Though ISRO had hinted at a couple of space missions from the space port in Sriharikota island on India’s eastern coast before the end of 2012, these did not materialize. In particular, the launch of the Indo-French research satellite Saral by means of the core alone version of PSLV—without the usual six strap on boosters attached to the first stage—originally planned for the end of 2012 was postponed to the first quarter of 2013. ISRO has cited technical glitches as the reason for the postponement of this space mission. The 400-kg Saral built at the ISRO Satellite Centre in Bangalore is designed to monitor the circulation of oceanic currents and measurement of sea surface heights. This PSLV mission will also launch five small payloads of international customers on commercial terms.
ISRO also plans to launch the first of the seven satellites constituting the space segment of the Indian Regional Navigation Satellite System (IRNSS) by means of a PSLV flight sometime in 2013. IRNSS makes for great strategic sense as it would free India from its dependence on the American GPS system whose specialized services at times are difficult to access. The Indian defence forces would stand to benefit from IRNSS for purposes ranging from location identification to launching precision weapons including long range missiles with a high degree of accuracy.
However, the highpoint of ISRO’s march into space would be the plan to launch India’s Mars probe in November 2013 when the earth moves closest to the Red planet. This is the earliest launch window available for the Indian Mars probe. The launch of the Indian Mars orbiter by means of an augmented version of the PSLV would make India the sixth country in the world to send a mission to the Red Planet. The Indian Mars mission will focus on life, climate, geology, origin, evolution and sustainability of life forms on the planet. ISRO considers the Rs. 4500-million Indian Mars probe, to be called Mangalyaan, as a major technology build up exercise for accelerating India’s forays into deep space. After the accomplishment of the Mars mission, ISRO plans to send probes to Venus and the asteroid belt.
But then India’s much talked of plan for a human space mission, which is yet to receive final clearance from the Government of India, has been kept in the backburner. Even as ISRO has done some preliminary ground work for identifying the cutting edge technologies for this high profile project, the country is yet to build up ”the infrastructure and capability” robust enough for this ”complex and challenging mission.” According to ISRO Chairman K. Radhakrishnan, “A human space flight is a complex mission requiring a host of things such as a heavy rocket, re-entry vehicle, space capsule, space suit, environmental control, life support system and an escape system for the crew… As of now, we don’t have a programme to launch a human space flight over the next five years.”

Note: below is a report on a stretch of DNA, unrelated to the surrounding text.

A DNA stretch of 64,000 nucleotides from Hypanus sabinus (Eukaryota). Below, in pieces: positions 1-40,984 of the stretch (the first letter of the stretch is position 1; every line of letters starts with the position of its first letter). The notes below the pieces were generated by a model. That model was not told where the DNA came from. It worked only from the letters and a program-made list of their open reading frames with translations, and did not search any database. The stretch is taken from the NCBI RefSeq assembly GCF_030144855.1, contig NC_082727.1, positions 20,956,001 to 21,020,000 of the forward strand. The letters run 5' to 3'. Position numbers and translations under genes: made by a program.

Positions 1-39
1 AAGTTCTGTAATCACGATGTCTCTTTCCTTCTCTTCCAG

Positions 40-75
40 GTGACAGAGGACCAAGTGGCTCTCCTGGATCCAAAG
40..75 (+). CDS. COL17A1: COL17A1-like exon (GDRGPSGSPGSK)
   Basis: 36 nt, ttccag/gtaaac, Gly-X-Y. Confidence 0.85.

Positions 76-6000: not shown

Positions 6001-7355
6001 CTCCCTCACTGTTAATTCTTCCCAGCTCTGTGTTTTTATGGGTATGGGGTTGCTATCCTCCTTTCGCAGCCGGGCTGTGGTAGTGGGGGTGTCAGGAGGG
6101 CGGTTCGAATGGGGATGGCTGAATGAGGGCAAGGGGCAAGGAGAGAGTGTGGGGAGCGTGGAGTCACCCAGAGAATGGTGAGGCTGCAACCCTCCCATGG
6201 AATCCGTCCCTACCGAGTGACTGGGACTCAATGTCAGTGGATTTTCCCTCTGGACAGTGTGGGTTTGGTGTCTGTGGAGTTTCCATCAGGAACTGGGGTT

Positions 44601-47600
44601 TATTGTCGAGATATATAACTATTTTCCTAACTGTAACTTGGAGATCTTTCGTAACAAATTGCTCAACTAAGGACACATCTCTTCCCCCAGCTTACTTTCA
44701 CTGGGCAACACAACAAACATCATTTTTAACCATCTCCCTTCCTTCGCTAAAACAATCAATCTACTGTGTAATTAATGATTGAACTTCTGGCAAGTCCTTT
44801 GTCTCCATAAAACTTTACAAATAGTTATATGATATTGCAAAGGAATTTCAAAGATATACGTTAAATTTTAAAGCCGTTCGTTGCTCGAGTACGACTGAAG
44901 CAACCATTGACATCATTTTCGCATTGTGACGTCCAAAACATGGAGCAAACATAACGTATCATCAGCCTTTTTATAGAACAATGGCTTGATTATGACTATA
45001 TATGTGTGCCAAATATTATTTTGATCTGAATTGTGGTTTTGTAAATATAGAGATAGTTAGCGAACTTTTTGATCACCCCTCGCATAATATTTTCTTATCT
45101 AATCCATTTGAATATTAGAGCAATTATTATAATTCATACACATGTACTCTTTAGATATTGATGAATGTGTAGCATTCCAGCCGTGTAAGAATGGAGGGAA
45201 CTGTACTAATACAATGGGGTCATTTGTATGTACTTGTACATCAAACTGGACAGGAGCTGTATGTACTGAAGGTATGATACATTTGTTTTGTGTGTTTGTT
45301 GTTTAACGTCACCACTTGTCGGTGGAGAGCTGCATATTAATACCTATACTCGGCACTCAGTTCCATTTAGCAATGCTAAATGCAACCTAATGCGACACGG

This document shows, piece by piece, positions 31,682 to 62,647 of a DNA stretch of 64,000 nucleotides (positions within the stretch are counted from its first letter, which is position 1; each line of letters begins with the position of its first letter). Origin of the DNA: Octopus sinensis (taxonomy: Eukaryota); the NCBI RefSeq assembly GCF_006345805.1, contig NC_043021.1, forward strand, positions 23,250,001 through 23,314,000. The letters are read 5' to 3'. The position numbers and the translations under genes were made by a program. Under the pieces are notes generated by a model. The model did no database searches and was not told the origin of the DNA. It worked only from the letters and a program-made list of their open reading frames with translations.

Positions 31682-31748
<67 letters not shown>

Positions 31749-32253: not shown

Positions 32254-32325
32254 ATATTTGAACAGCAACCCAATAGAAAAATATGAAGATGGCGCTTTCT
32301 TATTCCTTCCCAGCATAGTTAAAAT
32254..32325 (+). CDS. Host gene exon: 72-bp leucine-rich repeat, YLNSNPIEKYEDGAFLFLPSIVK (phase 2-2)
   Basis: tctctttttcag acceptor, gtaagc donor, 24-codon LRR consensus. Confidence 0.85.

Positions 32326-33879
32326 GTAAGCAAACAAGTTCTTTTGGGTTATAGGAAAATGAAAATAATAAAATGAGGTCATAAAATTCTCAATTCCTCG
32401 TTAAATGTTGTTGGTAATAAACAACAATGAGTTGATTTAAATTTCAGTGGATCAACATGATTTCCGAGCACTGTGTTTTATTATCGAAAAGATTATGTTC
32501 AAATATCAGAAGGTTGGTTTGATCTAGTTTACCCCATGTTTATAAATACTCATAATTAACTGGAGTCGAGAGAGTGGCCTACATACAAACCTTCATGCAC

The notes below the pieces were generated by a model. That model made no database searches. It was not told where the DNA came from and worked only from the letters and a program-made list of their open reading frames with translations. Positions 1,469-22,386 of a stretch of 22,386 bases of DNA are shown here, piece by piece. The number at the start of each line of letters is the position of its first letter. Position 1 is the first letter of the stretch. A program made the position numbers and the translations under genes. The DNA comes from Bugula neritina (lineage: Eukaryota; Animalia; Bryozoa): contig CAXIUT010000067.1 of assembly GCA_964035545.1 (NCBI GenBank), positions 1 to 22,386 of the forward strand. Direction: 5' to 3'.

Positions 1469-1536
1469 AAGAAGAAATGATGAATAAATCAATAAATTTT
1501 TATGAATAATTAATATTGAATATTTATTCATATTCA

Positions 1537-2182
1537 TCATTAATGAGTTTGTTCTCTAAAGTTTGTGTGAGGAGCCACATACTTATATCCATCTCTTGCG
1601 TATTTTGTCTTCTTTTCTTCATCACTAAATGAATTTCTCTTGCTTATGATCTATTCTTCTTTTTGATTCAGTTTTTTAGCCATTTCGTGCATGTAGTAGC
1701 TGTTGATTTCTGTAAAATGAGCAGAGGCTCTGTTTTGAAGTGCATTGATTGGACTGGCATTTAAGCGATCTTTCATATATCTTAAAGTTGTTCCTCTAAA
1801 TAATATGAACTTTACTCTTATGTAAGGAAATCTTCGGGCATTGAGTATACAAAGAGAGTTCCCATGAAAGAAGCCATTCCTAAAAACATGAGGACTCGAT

In the ultimate analysis, both the planetary missions and human flight represent a dilution of the original philosophy with which the Indian space programme took off. In the late 1960s, Dr. Vikram Sarabhai, the architect of the Indian space programme, had elaborated:
“There are some who question the relevance of space activities in a developing nation. To us, there is no ambiguity of purpose. We do not have the fantasy of competing with the economically advanced nations in the exploration of the moon or the planets or manned spaceflight. But we are convinced that if we are to play a meaningful role nationally, and in the comity of nations, we must be second to none in the application of advanced technologies to the real problems of man and society.”
In this context, ISRO points out that the societal commitment of the Indian space programme continues to be in an expansion mode even as efforts are on for forays into deep space.
In the context of fast expanding space missions resulting in a growing constellation of satellites, there is a concern in India over the safety of its space assets. This concern assumed serious dimensions in early 2007 when China successfully carried out an anti-satellite test followed by a well conceived plan for mastering the techniques of a full fledged space war. Of course, both ISRO and DRDO (Defence Research and Development Organisation) have made it clear that India has all the resources required to engineer an anti-satellite system to take on a “rogue satellite”. In the aftermath of the successful flight test of India’s long range Agni-V missile in April 2012, DRDO chief V.K. Saraswat had noted that the “Agni-V launch has opened a new era. Apart from adding a new dimension to our strategic defence, it has ushered in fantastic opportunities in building anti satellite weapons.”
By all means India’s space weaponization programme, the realization of which is subject to the approval of the political leadership of the county, would stand to benefit enormously from the technological advances made by ISRO and DRDO. Not long ago, India’s Defence Minister A.K. Antony had wondered as to how long India would ”remain committed to the policy of the non weaponization of space even as counter space systems are emerging in India’s neighbourhood (read China).”But then India, which is officially committed to the peaceful uses of outer space, will find it difficult to go ahead with plans for developing the building blocks for engaging in a full fledged space war.